WESTCHESTER COUNTY, NY (TheStreet) -- Chronicling Yahoo! (YHOO) recently has meant playing beyond the field of reason. Rumors abound. Earlier this month, for example, Bloomberg trafficked a splashy (and unlikely sounding) rumor that Yahoo! would be purchased for 20 bucks a share. About eight days a week, we hear that Yahoo! is going to spin-off Asian assets.
And who knows? One day one of these rumors might even be right. But, considering, the business media should warn traders: you are entering a heavy rumor zone.
That did not happen yesterday when The New York Times ran with an article--The Wall Street Journal and Reuters later jumped into the act--that (you guessed it) Yahoo! was going to sell off Asian assets. Hey, where have I heard that one before? Oh yeah: everywhere.
We're not even going to get on our hip high boots and wade into the issue of sourcing here. The issue is frequency of rumors. When they are as prevalent as lame LED Christmas tree lights--well, just mention it.
The Times, Journal and Reuters all fail to. Barron's, by happy contrast, does it up right. They start their article will the appropriate caveat. Their first sentence reads: "If it's Wednesday, which it is, then it must be time for another Yahoo! deal rumor."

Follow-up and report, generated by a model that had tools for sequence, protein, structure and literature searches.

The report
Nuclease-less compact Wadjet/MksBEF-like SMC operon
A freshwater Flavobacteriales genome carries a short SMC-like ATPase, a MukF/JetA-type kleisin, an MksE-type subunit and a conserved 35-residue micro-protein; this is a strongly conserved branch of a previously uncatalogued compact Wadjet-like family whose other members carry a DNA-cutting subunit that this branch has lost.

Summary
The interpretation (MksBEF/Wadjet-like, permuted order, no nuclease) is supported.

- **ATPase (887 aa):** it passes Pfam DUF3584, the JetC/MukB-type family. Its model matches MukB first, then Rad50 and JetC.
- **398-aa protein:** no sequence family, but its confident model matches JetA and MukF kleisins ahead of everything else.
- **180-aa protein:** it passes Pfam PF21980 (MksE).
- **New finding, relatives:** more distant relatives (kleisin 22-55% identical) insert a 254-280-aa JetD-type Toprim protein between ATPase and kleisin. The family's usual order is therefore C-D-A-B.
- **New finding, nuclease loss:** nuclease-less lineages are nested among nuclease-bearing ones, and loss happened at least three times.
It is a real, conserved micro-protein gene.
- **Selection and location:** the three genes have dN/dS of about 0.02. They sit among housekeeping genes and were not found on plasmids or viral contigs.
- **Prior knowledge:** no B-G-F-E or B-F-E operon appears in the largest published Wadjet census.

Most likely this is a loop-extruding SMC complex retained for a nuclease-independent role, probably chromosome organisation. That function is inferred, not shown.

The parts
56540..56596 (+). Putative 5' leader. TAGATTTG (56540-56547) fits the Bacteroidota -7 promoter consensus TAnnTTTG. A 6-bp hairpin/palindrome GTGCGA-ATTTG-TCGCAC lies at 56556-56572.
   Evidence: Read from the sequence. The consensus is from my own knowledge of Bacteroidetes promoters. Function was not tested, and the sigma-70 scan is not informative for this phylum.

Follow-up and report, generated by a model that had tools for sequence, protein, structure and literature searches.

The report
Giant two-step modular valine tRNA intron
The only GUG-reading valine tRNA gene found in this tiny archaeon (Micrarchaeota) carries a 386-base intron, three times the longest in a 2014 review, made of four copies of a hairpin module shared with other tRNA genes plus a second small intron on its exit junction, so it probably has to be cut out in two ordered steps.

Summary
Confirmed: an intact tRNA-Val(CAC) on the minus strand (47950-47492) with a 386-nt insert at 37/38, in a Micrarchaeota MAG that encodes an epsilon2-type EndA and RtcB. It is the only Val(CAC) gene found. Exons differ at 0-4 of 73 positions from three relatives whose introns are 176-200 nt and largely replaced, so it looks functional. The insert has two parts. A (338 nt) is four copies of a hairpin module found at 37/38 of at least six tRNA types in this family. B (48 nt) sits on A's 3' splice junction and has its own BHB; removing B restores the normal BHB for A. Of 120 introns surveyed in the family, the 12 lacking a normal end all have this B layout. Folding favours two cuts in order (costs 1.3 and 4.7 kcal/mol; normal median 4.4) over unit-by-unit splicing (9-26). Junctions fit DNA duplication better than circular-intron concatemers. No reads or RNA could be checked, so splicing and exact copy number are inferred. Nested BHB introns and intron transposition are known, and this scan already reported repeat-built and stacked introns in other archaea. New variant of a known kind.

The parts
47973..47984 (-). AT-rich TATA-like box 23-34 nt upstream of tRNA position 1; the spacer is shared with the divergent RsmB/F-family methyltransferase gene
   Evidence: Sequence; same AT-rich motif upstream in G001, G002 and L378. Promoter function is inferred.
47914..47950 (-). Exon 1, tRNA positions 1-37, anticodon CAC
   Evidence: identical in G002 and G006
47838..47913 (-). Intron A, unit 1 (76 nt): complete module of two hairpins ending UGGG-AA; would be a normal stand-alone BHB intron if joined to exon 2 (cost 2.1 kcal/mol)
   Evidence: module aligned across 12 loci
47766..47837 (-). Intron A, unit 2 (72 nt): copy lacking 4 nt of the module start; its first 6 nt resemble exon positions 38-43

There you have it. You have entered a heavy rumor zone. Trader beware.
At the time of publication, Fuchs had no positions in any of the stocks mentioned in this column.
Marek Fuchs was a stockbroker for Shearson Lehman Brothers and a money manager before becoming a journalist who wrote The New York Times' "County Lines" column for six years. He also did back-up beat coverage of The New York Knicks for the paper's Sports section for two seasons and covered other professional and collegiate sports. He has contributed frequently to many of the Times' other sections, including National, Metro, Escapes, Style, Real Estate, Arts & Leisure, Travel, Money & Business, Circuits and the Op-Ed Page.
For his "Business Press Maven" column on how business and finance are covered by the media, Fuchs was named best business journalist critic in the nation by the Talking Biz website at The University of North Carolina School of Journalism and Mass Communication. Fuchs is a frequent speaker on the business media, in venues ranging from National Public Radio to the annual conference of the Society of American Business Editors and Writers.
Fuchs appreciates your feedback;
to send him an email.